Nice work by Andy Johnson at FriedEgg.com to time one grouping at the U.S. Open for nine holes.
While it’s still not as powerful as the visual of watching the difference in how these players work, anyone with any imagination can easily envsion the agony of watching some of the longer debate sessions that took place. As other professional sports fret about the length of their games, the PGA Tour has made clear slow play and the slowest players are just not a a big deal. Even the USGA, which has had amazing success with time par systems, backs off at the U.S. Open out of fear of upsetting the most important people on the planet.
Given that players have 40 seconds to play a shot, the regularity with which they break the rules is, frankly stupefying given how rarely penalties have been dished out. And we know how hard it is to watch in person.
Unless Kevin Kisner is playing or Justin Thomas is hitting a tee shot…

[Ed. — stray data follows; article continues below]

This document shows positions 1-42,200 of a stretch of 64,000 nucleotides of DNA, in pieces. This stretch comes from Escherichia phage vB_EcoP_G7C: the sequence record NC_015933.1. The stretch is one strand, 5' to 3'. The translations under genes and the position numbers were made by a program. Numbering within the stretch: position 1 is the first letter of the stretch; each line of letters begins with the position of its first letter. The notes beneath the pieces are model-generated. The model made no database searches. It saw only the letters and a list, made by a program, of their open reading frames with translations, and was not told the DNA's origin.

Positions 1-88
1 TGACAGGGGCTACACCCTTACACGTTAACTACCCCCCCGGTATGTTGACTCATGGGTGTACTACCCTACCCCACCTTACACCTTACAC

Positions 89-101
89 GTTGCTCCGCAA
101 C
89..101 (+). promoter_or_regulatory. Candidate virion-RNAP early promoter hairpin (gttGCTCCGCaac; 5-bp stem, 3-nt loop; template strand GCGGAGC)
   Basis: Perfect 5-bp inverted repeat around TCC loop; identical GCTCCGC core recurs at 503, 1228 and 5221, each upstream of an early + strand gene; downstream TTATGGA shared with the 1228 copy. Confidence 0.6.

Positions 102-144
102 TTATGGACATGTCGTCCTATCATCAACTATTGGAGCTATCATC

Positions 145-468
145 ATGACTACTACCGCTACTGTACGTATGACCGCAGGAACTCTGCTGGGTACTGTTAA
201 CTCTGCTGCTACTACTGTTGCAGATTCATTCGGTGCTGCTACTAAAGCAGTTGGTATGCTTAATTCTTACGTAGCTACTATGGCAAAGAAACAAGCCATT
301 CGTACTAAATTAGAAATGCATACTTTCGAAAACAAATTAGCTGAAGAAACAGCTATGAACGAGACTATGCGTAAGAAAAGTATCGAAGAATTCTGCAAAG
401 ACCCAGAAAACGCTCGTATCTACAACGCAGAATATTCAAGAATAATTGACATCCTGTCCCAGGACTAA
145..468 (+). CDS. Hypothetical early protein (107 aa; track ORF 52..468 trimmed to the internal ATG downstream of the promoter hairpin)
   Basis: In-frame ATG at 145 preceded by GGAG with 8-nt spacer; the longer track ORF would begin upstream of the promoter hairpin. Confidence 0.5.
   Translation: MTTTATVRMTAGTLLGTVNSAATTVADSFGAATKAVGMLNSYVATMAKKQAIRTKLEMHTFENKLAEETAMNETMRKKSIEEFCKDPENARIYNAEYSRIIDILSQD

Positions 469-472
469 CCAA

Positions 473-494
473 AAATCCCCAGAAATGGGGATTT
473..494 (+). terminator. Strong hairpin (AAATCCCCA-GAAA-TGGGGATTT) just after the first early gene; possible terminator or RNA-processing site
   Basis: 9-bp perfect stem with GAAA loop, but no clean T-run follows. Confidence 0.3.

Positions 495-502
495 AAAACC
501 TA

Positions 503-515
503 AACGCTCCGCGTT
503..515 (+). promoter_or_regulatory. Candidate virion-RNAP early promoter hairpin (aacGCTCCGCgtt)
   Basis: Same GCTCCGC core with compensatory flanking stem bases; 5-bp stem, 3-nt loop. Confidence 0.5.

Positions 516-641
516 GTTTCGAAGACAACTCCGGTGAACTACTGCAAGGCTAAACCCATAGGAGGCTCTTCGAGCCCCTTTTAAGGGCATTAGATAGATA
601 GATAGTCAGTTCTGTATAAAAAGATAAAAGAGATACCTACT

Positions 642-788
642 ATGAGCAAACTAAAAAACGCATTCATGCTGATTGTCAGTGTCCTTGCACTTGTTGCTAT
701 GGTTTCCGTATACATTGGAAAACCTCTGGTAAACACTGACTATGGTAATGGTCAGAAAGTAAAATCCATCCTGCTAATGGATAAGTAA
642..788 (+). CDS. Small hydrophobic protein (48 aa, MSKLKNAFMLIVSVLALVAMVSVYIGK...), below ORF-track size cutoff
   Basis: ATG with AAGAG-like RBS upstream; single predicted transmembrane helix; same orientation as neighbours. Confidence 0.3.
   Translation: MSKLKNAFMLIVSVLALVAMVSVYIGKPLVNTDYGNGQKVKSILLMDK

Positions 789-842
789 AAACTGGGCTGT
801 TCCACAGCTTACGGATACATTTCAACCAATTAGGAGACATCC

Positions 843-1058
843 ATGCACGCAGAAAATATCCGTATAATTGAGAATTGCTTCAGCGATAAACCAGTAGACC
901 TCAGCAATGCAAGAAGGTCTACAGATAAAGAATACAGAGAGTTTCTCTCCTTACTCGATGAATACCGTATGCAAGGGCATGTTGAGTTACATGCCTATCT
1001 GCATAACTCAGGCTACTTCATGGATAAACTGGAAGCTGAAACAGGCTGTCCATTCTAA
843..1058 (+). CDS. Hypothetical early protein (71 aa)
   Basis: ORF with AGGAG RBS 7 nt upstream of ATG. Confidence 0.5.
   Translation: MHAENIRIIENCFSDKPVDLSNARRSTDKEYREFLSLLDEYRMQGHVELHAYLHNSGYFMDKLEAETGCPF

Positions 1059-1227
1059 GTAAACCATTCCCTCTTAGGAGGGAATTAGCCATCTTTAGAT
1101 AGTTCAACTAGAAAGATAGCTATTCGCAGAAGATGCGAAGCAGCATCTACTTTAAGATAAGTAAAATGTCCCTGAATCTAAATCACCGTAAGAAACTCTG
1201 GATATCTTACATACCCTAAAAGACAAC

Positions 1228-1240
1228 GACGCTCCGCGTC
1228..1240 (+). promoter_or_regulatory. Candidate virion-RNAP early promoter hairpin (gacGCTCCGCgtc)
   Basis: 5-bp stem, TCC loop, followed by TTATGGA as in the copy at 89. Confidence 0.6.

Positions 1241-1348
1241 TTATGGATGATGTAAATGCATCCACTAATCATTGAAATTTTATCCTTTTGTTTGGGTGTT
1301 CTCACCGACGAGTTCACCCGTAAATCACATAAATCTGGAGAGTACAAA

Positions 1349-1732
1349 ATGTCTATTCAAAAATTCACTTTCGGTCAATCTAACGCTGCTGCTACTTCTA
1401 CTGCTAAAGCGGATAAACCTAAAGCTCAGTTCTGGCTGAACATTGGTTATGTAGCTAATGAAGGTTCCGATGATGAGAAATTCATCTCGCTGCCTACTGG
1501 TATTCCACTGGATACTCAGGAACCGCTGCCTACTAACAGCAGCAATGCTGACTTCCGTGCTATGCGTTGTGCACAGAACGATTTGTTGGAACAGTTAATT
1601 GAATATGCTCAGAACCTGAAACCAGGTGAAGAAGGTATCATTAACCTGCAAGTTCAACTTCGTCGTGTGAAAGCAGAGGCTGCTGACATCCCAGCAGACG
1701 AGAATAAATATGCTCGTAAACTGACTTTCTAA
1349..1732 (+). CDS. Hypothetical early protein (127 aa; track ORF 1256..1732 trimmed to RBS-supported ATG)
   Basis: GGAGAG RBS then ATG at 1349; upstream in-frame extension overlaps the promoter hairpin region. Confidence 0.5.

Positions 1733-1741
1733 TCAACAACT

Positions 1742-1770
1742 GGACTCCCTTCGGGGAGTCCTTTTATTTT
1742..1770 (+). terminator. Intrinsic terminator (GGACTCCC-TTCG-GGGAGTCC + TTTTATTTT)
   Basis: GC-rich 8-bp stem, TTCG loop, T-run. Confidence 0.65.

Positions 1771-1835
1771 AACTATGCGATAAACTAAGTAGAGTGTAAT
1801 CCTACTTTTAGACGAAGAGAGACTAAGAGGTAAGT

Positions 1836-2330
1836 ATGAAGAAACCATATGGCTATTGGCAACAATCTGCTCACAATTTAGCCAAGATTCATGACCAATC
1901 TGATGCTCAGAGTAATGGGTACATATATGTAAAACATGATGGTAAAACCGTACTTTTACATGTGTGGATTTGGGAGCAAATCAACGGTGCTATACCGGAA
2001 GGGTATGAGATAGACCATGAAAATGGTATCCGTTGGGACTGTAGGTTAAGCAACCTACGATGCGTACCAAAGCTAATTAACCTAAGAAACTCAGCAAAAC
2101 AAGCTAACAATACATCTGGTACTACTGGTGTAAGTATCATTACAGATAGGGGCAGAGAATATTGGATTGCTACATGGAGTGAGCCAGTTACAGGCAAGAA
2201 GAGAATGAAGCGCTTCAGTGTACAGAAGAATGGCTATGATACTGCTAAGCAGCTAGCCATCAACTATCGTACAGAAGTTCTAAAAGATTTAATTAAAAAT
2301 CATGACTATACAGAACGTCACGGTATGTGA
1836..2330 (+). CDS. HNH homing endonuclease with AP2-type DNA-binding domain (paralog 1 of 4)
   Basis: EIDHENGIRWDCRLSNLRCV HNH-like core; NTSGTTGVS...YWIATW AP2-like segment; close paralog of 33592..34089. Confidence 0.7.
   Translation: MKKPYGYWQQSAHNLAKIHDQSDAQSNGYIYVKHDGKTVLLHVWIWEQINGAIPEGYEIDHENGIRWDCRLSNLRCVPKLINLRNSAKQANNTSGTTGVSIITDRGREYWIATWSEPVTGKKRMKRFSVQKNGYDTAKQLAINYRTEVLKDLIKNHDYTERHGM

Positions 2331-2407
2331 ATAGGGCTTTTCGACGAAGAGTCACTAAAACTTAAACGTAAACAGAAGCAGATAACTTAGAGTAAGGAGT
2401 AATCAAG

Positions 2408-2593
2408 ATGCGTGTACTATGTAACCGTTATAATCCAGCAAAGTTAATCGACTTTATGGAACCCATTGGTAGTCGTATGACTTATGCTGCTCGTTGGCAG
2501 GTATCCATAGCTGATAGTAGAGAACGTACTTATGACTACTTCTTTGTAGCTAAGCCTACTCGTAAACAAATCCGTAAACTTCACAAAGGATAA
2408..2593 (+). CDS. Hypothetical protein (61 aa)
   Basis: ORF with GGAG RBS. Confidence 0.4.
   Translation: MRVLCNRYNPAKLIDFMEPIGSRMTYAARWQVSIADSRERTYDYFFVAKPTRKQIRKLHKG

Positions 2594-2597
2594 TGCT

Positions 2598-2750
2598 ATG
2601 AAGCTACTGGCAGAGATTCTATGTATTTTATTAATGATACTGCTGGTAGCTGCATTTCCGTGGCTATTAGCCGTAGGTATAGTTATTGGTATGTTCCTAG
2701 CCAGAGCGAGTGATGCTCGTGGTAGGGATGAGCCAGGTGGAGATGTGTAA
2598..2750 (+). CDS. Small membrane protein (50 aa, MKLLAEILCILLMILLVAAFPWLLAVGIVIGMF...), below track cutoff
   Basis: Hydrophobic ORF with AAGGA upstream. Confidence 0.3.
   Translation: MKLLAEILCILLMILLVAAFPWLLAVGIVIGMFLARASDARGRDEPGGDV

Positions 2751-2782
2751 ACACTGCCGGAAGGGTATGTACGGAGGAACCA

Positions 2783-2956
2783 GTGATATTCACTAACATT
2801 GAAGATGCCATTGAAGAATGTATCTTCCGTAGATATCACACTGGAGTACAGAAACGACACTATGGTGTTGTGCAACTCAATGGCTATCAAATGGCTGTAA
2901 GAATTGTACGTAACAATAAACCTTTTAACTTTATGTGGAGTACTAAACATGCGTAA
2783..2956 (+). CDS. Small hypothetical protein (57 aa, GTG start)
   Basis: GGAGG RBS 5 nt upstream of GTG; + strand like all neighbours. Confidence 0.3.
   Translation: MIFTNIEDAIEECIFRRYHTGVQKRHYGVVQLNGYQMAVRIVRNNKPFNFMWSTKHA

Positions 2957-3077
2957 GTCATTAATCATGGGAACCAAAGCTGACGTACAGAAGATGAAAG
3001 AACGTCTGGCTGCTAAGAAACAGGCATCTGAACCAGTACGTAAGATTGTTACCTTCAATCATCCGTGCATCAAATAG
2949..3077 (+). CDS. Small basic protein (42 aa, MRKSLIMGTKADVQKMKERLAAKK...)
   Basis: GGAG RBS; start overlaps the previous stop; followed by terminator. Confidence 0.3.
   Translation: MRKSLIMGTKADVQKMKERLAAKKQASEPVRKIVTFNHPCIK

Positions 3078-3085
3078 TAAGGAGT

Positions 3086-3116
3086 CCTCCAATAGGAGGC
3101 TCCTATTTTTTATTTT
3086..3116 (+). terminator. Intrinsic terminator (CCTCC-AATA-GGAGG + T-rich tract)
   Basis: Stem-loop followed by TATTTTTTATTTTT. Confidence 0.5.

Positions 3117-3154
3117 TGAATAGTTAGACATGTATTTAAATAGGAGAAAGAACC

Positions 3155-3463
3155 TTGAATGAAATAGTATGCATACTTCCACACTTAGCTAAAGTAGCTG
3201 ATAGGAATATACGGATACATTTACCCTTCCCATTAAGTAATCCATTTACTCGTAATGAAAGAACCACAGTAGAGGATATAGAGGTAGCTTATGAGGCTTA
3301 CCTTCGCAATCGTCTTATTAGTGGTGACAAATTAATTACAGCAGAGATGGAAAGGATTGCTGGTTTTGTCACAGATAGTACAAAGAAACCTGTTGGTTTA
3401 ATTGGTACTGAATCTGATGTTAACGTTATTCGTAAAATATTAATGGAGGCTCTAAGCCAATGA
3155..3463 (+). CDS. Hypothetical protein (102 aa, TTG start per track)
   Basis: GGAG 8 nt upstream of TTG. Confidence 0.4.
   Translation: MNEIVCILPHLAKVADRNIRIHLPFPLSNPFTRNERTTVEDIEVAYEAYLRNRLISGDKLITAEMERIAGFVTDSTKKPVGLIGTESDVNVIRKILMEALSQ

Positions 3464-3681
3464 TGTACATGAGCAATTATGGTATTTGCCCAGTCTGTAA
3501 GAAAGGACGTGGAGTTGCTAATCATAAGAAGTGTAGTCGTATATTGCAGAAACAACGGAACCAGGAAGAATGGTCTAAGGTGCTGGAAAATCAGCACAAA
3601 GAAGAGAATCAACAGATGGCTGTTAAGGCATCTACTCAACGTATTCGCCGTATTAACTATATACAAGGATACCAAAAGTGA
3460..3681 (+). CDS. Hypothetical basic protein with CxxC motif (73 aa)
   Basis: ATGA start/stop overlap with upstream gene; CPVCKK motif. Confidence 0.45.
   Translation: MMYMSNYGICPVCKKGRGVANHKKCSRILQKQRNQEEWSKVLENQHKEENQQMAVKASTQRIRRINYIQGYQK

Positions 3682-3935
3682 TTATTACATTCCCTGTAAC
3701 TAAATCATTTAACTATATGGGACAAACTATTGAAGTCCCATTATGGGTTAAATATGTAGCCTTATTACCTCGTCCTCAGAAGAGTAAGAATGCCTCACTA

As DeChambeau, Kisner, and Thomas worked their way through Pebble Beach’s front nine, I recorded the amount of time it took each player to hit each shot from the moment that it became clear the previous shot had ended. I also noted the order in which they played their shots within the group. To determine the exact start time for each shot, I simply used common sense. On approach shots, I started the clock when both caddie and player had arrived at the ball and the group ahead had vacated the green. On successive shots within the group, I started it when the previous shot had clearly ended—that is, when the previous player had picked up his tee, or when the preceding putt or chip had been marked, etc.
The results are below. The numbers in the left column—1, 2, and 3—represent the order in which the player hit the shot within the group. 1* signifies shots for which a player was first in the order but had to wait on the group ahead or called for a ruling. Finally, I have color coded the times: green = a time under 40 seconds; yellow = a time between 40-60 seconds; and red = a time over 60 seconds.
Oh and the red flows…